Posted: October 18th, 2010 | Author: lise | Filed under: FFF | Tags: flash fiction fridays, Lisa Allen-Agostini, moving on, Trinidad & Tobago, writing | 1 Comment »
For the background, see the posting before this one.
fff#29: as much/little as… (starter)
As much as I had loved him, I hate him now. I see his car–an unmistakable maroon Toyota with a silly, excessive spoiler at the back–and my stomach churns with disgust. I’m not stupid. (Well, maybe I am stupid. I was with him for five years, after all.) I know the disgust is as much for me as for him. I can’t believe all the things I put myself through to be with him. All the blatant rubbish I endured to call him mine. Mine? Never was. His lies and my complicity leave me bruised and tired now just thinking about him.
Inevitably, every time I think about him I think about how it ended: hearing from a third party that there was this other woman, incontrovertable evidence shoved in my face and hurriedly digested before a nasty confrontation between him, her and me. And even then, even then, as much as I hated him, I loved him still.
Posted: October 10th, 2010 | Author: lise | Filed under: FFF | Tags: cats, family, Fennec, flash fiction fridays, Lisa Allen-Agostini, words, writing | 7 Comments »
I too-rarely participate in my friend elisha’s flash fiction fridays, a kind of writing exercise where you have to write a short piece of fiction using a trigger that she provides. The trigger can be an opening sentence, a closing sentence or a list of words you have to include in the piece. This week she posted an inclusion trigger. Here’s my attempt. It’s not actually fiction, but fmf (flash memoir fridays) doesn’t have the same ring, somehow.
fff#28 (inclusion) trigger:rebellion, fox, strange, mirror, pleasure.
True story: Fennec came to us in pants.
He wasn’t wearing pants. He was in the pants. Brian walked up to me while I was sitting on a wooden bench in the waiting room of the free dental clinic with Najja sitting next to me waiting to take out a baby tooth that was making a rider. Brian had a strange look on his face. “Look at this,” he said, holding open the pocket of his baggy jeans. Two sleepy kitten eyes stared out from the pocket and the barely furry face opened its mouth in a noiseless mew. I jumped off the bench, yelling, “What the hell?!?” A good moment for an interrobang right there.
We called him Fennec after the fox with the huge ears. His ears were ginormous, bigger than his head, nearly bigger than his body, truth be told. He was frail and dirty with scant hair covering his pink skin. His mother had had a litter of 16 kittens but most cats have between six and eight nipples. Not very strange that he was in bad shape.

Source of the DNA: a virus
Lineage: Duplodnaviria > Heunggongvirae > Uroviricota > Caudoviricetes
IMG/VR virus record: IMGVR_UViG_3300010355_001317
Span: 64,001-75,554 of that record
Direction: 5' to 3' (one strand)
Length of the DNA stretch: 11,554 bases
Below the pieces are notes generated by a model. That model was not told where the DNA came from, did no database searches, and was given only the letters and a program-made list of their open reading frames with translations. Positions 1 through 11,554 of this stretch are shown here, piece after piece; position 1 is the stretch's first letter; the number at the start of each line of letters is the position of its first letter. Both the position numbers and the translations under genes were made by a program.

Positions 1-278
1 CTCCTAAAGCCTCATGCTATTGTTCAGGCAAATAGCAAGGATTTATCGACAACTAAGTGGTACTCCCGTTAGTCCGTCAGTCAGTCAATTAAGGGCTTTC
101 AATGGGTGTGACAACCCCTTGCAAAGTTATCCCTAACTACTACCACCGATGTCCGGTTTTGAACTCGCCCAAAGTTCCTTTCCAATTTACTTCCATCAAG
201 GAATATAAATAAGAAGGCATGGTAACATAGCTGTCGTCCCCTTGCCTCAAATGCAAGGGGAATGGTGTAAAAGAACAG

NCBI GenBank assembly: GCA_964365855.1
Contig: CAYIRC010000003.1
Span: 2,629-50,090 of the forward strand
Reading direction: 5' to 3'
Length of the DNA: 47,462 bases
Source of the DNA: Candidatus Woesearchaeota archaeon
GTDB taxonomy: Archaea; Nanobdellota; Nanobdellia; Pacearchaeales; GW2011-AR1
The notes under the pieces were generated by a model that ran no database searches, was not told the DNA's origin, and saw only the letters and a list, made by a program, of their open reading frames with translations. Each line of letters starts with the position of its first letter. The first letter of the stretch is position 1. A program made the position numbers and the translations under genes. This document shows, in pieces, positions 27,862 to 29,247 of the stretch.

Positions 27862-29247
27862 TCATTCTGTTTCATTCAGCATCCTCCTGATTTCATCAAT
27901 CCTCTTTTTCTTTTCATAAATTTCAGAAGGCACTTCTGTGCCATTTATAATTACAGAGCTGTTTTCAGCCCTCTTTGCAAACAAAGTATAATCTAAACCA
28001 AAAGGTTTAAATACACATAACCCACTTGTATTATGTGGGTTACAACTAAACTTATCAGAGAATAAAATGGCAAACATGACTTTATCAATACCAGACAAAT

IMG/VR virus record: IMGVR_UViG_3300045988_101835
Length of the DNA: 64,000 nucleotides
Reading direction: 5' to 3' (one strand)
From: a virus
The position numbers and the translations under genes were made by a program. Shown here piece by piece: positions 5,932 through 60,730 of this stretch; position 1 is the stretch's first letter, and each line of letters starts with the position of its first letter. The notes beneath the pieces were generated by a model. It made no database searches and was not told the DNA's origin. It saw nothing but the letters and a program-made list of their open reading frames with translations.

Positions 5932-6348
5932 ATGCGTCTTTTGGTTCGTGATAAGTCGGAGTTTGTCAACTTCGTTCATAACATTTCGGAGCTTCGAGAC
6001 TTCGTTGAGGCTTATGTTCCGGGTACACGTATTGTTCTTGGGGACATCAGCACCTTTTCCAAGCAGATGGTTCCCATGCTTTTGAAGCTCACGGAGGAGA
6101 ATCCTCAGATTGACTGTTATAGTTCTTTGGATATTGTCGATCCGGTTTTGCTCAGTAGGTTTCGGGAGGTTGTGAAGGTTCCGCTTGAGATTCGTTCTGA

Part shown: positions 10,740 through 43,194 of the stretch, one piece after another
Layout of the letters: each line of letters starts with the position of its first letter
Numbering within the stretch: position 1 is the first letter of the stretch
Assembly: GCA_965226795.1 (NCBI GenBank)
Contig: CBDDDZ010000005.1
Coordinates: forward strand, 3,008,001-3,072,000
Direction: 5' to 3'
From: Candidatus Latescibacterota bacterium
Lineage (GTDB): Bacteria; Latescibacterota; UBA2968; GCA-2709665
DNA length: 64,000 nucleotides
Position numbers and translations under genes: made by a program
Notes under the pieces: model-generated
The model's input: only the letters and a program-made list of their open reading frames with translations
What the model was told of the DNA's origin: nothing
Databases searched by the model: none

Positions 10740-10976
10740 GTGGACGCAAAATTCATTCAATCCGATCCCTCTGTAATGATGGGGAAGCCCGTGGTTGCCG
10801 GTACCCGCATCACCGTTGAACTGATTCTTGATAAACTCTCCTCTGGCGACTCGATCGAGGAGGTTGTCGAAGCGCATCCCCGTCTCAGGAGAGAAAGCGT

Brian took the pants off and went home in his boxers with the sleepy kitten still in the pocket of his jeans. Regular feedings of milk-soaked bread gave him fortitude and within a couple of days the creature was toddling around like an actual kitten, peering into the mirror at himself with puzzlement and interest, batting at his reflection and running away with an awkward, teetering gait. Soon he didn’t want bread and milk anymore and was screaming in hunger at the merest whiff of meat.
Countless fleas lurked under Fennec’s dingy white fur, especially in its archipelago of brownish-gray spots running up his back to his tail. After Googling kittens and fleas we learned that although he was probably a little too young for a proper flea treatment we could wage a war of attrition against them with twice-weekly baths in mild soap followed by blow-drying him on low heat. It’s strange to suggest bathing a cat–it never sounded like a good idea–and Fennec, unsurprisingly, wasn’t a fan. A warm bath and chocolate-scented body wash, which was the mildest thing we had around the house, was punishment to him. His rebellion against this inhumane treatment took the form of vicious slashes with his razor-sharp claws and the occasional bite. He really didn’t want to be bathed. Ever. Again. But we did it religiously twice a week for about a month. He still has fleas but far fewer; a side effect of the regular baths was that his fur grew in properly and he was no longer hairless, even if his mammoth ears are still too big for his increasingly rotund body.
The nicest part about bathing Fennec was that afterwards someone would have to put him under their shirt to get him warm because he was shivering so much. He’d curl up around your tummy and subside into sleep, purring in pleasure. Maybe he was remembering how he came to us, snug in the pocket of a pair of pants.